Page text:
The sanguine scenario is reinforced by the undeniable influence of emerging mass movements credited with pushing the dominant electoral bloc as well as the national policy agenda unequivocally to the left. As wider swaths of non-elites reject market orthodoxy and increasingly identify with mounting protest, a period-defining shift in public opinion appears to be taking hold.

Some of the young Communists — including the iconic Camila Vallejo, former spokesperson for the university student union confederation (CONFECH), and their allies who led the 2011–12 protests that shook the foundations of Chile’s neoliberal model after years of quiescence — have been elected to Congress.

Their parent party has finally realized a long-sought gambit to enter the center-left coalition and “pressure from within.” As Vallejo, who once vowed never to campaign for Bachelet, put it in December, “The elections give us a majority that allows us to make structural changes. Social movements are pressuring many sectors that were not in favor of change before and that have now changed their mind.”

With favorable street sentiment and parliamentarians agitating in Congress, the general feeling is that the core features of NM’s platform — tax, education, and constitutional reforms (including changes to the restrictive binomial electoral scheme) — are nearly certain. Furthermore, progressives in this culturally conservative society feel well-positioned to expand “social” rights including gay marriage, gender identity protections, and even “therapeutic” abortion.

Even some radical autonomists advance the notion that Bachelet’s inauguration is the culmination of decades of democratic struggle from below.

Behind the Numbers

So what power does the Left have electorally?

Despite the momentum of the recent upsurge, first-round abstention in the 2013 election was still 50 percent — less the result of newfound disappointment or apathy than the recently acquired ability to lawfully sit out elections. Cutting both ways, such middling participation levels reflect the large chunks of Chilean society defeated by neoliberal exclusion as well as newly activated layers looking for options beyond current partisan offerings.

Together, Alianza and the former Concertación received over five-sixths of all votes. Due to the “top-two-winners-take-all” binomial system, together they grabbed 96 percent of House seats and 100 percent of Senate posts. Electoral rules guarantee the two dominant blocs roughly equal shares of seats. In fact, since coalitions are all but ensured district representation, often candidates don’t compete against “opposing” parties, instead fighting their partners for each bloc’s reserved spot.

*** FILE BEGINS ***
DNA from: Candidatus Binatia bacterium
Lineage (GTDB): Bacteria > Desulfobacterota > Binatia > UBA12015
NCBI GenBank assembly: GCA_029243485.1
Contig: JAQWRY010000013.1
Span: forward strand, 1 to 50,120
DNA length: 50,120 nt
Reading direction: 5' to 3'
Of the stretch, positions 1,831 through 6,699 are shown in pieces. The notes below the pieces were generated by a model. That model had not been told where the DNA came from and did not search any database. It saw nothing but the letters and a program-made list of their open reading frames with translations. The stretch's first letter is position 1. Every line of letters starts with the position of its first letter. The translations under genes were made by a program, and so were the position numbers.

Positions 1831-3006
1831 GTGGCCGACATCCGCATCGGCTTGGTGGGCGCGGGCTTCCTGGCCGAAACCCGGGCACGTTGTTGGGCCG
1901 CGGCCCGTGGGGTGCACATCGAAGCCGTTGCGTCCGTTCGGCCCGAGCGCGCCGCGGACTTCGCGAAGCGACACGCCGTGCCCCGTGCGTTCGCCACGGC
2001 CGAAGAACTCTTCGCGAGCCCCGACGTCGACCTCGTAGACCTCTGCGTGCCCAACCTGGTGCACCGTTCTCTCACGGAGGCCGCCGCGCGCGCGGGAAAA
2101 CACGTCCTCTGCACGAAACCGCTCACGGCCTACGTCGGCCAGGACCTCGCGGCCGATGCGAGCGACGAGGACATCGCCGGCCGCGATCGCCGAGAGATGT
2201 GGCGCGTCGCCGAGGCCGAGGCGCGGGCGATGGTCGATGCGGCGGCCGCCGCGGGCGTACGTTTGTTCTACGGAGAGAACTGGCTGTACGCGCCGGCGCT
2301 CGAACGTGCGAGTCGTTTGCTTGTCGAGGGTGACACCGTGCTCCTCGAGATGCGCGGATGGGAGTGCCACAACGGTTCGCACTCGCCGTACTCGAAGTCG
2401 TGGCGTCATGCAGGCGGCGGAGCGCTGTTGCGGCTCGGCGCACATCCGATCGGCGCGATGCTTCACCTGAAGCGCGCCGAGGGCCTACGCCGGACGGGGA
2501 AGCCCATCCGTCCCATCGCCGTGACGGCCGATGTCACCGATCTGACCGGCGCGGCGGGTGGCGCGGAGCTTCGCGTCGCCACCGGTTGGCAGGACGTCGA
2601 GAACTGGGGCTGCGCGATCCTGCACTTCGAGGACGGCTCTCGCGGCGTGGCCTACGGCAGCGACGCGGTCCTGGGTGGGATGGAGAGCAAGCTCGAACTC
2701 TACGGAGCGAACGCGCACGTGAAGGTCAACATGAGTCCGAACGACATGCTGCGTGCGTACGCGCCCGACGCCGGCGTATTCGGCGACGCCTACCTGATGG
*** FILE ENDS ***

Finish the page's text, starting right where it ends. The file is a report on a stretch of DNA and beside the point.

In addition, despite Alianza’s poor showing in the presidential race, the legislative results are perfectly consistent with their tallies since re-democratization — 40 percent in the lower house ballot compared to 43 percent in 2009 and 39 percent in 2005. So even while a leading consultant for the hard-Pinochetist wing of Alianza lamented that “in the last few years the right has suffered a powerful cultural defeat,” the right coalition remains a solid pillar of the regime.

Concretely, this translates into a twenty-one to seventeen advantage in the Senate and a sixty-seven to forty-nine edge for the center-left in the lower house. In effect, although the Communist votes shifted the center of partisan gravity slightly to the left, the duopoly that has shared power since 1990 remains intact.

Not only do these results suggest that the pro-Pinochet right is far from buried, more specifically they cast doubt on the ability of NM to deliver on its promises. If the powerful right-wing of the bloc cooperates, Bachelet may muster the simple majority needed to pass tax reform.

Still, the inclusion of the PCCh in NM should not be derided outright. After all, there is a reason the Concertación resisted Communist advances for twenty years. Though PCCh president Guillermo Teillier raced to the front of the class to diligently announce that Communists will not “make waves” against Bachelet’s second tenure, the party’s ability to discipline its new blood is no foregone conclusion.

Besides Vallejo, who led her district balloting with 44 percent, her co-thinker, Karol Cariola, a former leader of the historically radical University of Concepción students, also won handily with 38 percent of votes. Furthermore, Giorgio Jackson — the head of the new and theoretically independent Revolución Democrática, a former CONFECH co-spokesperson, and president of the traditionally conservative Catholic University students — easily won his district.

Though Vallejo and Cariola — as well as rookie Daniel Nuñez — have never displayed the independence of other members of PCCh’s new generation (such as copper federation leader Cristián Cuevas), their party loyalty doesn’t make them outright fools. They know why people voted for them, their instincts having been sensitized during their time at the head of the student insurgency. And while it’s true Vallejo has broken her vow to never support Bachelet, it remains to be seen whether she drops her pledge to use the legislative tribune to stimulate pressure from below.

A third student leader facing no such dilemmas is Gabriel Boric of the recently formed Autonomous Left (IA). Though independent left forces garnered roughly 7 percent of the vote, Boric will be their only legislator.

IA rose to prominence on campuses after students rebuked FECh leadership for supporting a Concertación-mediated truce to the educational conflict. Right when the international press was trumpeting Vallejo, Boric was defeating her in the election for FECh president on a platform that emphasized strengthening militant and autonomous grassroots movements.

Over a year later, demonstrating that independence from NM might be an asset rather than a liability, Boric came in first in his Patagonian district, ahead of establishment parties.

Sensible Sanguinity?